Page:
If I was planning this type of a project I would look into buying land on a contract within a reasonable driving distance. Then I would build a much smaller first structure. I would plan on the first build to be a guest cabin later. This option would get you a weekend getaway and you could build a proper cabin later.
You could use a RV at first and not have a well or septic.

Offline Adam Roby

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Re: Newbie Introduction
« Reply #5 on: June 04, 2013, 05:32:19 PM »
Wow, thanks for the encouragement and fantastic welcome.  I already feel like home here.

...I would build a much smaller first structure...

It's funny that you mention this, because that is now my plan I think.  I was going over the numbers and don't see the real build starting for some years, so as a first step I am considering (perhaps) an A frame type building where 2 sides are actually the roof on a 12x16 base using simple patio blocks.  This can serve as a temporary camp and once the real cabin is up it can convert to a shed or as you mention a "guest house".

I currently live in Montreal Canada, but I plan on building in northern NY state.  The building laws here in Quebec are insanely restrictive.  I am considering either Franklin or Clinton county in NY, to try to keep the travel time to around 1.5 hrs.  At the very least I would like to go up every Saturday for a few hours with my daughter, because my wife works and we have the day together to hang out.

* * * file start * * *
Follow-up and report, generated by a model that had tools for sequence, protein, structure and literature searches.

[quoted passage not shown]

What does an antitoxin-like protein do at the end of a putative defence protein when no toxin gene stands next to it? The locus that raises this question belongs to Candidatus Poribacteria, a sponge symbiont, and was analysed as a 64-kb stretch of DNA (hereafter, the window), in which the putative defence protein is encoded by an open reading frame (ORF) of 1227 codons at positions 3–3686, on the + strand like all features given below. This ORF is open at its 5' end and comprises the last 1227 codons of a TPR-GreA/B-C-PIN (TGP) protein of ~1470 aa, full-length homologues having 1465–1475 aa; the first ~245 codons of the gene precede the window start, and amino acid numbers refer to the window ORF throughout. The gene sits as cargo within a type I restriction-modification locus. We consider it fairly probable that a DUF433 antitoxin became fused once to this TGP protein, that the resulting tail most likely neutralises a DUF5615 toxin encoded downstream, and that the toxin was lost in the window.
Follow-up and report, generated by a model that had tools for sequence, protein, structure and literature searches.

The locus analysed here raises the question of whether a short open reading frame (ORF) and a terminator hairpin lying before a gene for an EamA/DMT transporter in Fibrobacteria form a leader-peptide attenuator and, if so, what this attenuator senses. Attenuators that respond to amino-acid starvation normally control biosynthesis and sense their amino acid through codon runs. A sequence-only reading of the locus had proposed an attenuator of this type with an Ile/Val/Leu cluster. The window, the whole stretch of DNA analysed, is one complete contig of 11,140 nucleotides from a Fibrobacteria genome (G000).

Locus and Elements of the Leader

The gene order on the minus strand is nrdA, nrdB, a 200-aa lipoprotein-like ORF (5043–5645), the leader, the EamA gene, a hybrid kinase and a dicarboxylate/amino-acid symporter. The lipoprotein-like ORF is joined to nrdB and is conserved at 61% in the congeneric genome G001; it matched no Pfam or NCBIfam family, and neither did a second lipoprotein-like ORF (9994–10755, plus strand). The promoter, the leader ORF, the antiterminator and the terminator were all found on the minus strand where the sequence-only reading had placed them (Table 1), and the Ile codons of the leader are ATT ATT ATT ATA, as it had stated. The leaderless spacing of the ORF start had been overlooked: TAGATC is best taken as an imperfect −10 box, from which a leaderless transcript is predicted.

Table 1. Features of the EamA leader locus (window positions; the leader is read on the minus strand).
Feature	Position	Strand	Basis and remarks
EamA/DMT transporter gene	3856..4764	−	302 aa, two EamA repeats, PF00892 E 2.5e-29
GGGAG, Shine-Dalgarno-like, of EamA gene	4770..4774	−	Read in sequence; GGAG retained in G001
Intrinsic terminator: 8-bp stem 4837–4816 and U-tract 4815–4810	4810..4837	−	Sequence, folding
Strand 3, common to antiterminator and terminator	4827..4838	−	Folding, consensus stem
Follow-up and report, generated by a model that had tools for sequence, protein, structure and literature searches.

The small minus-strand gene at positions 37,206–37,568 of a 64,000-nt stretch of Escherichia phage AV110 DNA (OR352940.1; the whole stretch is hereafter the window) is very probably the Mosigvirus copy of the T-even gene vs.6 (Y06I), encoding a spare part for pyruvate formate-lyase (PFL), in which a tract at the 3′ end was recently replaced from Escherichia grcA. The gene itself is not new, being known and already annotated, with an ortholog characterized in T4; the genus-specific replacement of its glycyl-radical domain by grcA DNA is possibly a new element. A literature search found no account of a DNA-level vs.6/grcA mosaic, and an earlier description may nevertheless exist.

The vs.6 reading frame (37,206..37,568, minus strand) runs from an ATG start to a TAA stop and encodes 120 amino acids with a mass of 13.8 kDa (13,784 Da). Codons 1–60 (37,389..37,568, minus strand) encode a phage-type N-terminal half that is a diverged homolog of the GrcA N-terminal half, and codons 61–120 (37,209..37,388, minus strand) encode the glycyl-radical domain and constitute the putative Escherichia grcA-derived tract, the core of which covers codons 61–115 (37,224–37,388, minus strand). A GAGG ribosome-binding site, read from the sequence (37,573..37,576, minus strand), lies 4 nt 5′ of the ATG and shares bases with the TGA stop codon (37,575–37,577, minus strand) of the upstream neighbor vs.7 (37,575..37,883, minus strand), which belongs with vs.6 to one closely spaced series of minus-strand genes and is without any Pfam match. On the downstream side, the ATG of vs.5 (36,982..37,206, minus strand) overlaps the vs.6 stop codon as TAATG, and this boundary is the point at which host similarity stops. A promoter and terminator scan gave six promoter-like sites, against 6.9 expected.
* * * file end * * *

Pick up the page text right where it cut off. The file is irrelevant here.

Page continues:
Here is a quick drawing I did today at lunch hour.


Offline Gary O

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Re: Newbie Introduction
« Reply #6 on: June 05, 2013, 04:36:02 AM »
Excellent thoughts, IMO. You won’t regret going small first.
We did somewhat as you have in mind:
I’m enjoying all that I own, the moment.

“Live in the sunshine, swim the sea, drink the wild air.” Emerson

Offline new land owner

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Re: Newbie Introduction
« Reply #7 on: June 05, 2013, 01:40:47 PM »
Adam